By Emma Grygotis
Featured photo: Dr. Beverly Brown (far left) shares how to care for seedlings with an audience of Expo volunteers and attendees. The Nazareth College Greenhouse donated nearly 1,000 seedlings of many different varieties, which they distributed as a way of increasing opportunities for guests to think about the ways plants can benefit our everyday lives. (Photo used with permission, courtesy of Wanaruk Photography)
Even in Western New York, where the natural beauty of the Finger Lakes and the Adirondack mountains are never more than a short car ride away, city life makes it easy to lose touch with the ecosystems that surround and sustain us. As smaller, faster electronics put whole computers in our pockets and we continue to explore the farthest reaches of outer space, scientific research can sometimes seem to widen the gap between people and the natural world.
Two local Rochester organizations are working to reverse that perception, using science to reconnect us with the plant and animal communities that are struggling to survive in our own backyards. Both groups participated in last year’s first annual Rochester Science Expo, along with many other students, academic scientists, and local businesses united toward a common goal: to celebrate the many ways Rochester’s robust scientific community makes our city a healthier, more vibrant place.
Green plants for wellness
Dr. Beverly Brown is an Assistant Professor of Biology at Nazareth College, where she serves as the director the Horticultural Therapy Program. She’s interested in the ways plants improve physical and mental health, as well as the communities can develop and thrive around green spaces.
“I love plants,” Brown says, “and realize that that many people don’t even see plants in their daily lives. It’s called plant blindness.” She wants to work to help people not only incorporate more greenery into their everyday routines, but also to notice the places where plants already play important and beneficial roles.
“My passion is getting anyone and everyone to stop and notice even one plant or plant-product every day,” Brown said.
Her demonstration at last year’s event took a simple step in that direction. Brown spent the months before the Expo growing nearly one thousand individual seedlings, which she distributed free of charge. She decided to volunteer as a way to share her enthusiasm for science with the Expo’s approximately 1700 attendees.
“As a scientist, one step I can take is to help everyone understand how much fun science can be,” Brown said.
Education through empathy
Photo: Nick Hadad (performing as “Howler Wolf,” left) and Katie Gill (right), discuss wolf behavior, including demonstrations of the many different vocal cues that wolves use to communicate with one another. (Photo used with permission, courtesy of Wanaruk Photography)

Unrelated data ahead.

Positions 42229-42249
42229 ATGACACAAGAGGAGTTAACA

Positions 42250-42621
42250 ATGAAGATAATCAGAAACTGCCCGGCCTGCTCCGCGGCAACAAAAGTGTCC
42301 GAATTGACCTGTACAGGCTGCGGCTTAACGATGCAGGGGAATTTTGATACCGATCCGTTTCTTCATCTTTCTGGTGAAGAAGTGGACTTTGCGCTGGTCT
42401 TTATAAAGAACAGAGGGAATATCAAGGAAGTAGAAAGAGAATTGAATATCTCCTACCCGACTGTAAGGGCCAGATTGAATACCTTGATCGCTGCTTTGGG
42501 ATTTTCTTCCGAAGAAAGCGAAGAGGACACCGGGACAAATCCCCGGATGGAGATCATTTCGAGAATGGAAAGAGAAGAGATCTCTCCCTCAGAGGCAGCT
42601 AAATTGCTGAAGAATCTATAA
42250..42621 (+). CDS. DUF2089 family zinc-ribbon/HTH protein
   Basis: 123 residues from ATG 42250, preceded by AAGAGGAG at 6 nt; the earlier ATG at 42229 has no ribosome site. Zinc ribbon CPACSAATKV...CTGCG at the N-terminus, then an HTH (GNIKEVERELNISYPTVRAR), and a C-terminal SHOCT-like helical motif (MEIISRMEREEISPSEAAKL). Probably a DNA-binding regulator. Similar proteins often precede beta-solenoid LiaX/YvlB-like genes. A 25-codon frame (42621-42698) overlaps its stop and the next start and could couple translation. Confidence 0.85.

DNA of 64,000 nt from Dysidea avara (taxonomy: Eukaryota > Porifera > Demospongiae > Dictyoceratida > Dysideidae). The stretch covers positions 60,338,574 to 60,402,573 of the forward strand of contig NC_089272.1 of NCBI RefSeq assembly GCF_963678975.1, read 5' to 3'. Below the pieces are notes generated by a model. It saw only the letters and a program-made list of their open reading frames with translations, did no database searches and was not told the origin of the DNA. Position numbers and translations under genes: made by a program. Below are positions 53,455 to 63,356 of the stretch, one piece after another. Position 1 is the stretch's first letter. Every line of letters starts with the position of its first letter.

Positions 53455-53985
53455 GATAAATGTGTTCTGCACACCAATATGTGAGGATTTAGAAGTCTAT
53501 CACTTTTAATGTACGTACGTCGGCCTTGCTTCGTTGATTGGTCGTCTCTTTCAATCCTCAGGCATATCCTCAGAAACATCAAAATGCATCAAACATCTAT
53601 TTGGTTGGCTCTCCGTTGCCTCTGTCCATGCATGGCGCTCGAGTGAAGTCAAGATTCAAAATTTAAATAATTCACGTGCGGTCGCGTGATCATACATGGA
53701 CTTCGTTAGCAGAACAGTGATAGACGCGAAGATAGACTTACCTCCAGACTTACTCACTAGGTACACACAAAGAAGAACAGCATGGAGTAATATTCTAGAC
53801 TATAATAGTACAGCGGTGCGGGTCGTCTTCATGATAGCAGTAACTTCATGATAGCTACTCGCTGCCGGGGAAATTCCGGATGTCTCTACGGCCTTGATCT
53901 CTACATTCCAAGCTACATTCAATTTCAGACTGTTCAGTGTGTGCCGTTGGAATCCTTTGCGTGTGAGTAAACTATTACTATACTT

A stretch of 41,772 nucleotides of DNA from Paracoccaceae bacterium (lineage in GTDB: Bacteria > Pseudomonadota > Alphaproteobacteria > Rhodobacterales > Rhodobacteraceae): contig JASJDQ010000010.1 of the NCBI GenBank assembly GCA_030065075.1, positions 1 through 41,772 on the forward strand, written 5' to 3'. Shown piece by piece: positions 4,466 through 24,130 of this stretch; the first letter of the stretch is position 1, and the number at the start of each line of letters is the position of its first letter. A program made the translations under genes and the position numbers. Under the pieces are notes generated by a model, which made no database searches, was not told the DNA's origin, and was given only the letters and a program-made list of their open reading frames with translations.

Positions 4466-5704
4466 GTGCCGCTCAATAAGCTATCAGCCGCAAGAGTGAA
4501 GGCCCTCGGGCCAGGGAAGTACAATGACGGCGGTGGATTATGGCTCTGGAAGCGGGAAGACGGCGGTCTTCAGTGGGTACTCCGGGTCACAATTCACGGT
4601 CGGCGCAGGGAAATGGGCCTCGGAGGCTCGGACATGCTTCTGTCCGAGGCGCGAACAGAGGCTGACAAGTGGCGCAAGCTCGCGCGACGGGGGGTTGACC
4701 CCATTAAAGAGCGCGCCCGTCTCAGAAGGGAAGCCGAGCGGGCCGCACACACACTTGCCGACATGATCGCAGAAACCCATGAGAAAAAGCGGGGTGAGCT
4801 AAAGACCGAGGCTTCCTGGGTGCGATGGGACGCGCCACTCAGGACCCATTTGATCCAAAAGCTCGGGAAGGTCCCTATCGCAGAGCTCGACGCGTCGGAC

Animals that are labeled as “gross, creepy or vicious,” are often disregarded as unimportant, or worse, dangerous. Nick Hadad and Katie Gill, the two-person team behind ROC Animal School, want to work against these common misconceptions to help audiences appreciate the ways in which wild animals and humans are not so different. The business combines their individual talents in performance and creative media with a shared love of animals to produce family-friendly performances by animal mascots such as “Howler Wolf” and “Dakota Coyote.”
“What we want people to take away from our programs is that every living thing on this earth has a purpose,” the pair says. “If we do not work to conserve wildlife, entire ecosystems could be thrown drastically out of balance, which could have a profound impact on people’s lives. In this case, empathy is a form of self-preservation.”
The team participated in the Expo not only to share their own work, but also to connect with other local researchers and educators who are striving to better their communities through the scientific process.
“At heart, we are super nerds with a broad range of interests and we relished the idea of joining up with a group of people that shared our drive and enthusiasm,” Gill said.
We, the Rochester NY March for Science organizing team, are delighted to be able to once again host scientists like Beverly Brown, Nick Hadad, and Katie Gill at the Rochester Science Expo. We hope to see you there!
About the Author
Emma Grygotis is one of the founding directors of the Rochester NY March for Science, and now serves as both the organization’s Secretary and co-chair of the Expo Committee. She is currently pursuing a Ph.D. in Pharmacology at the University of Rochester, studying the effects of ultrasound on protein structure and function. Emma joined the organizing team out of a desire to help foster opportunities for science enthusiasts of all ages to engage in meaningful conversations about the complex challenges our society faces.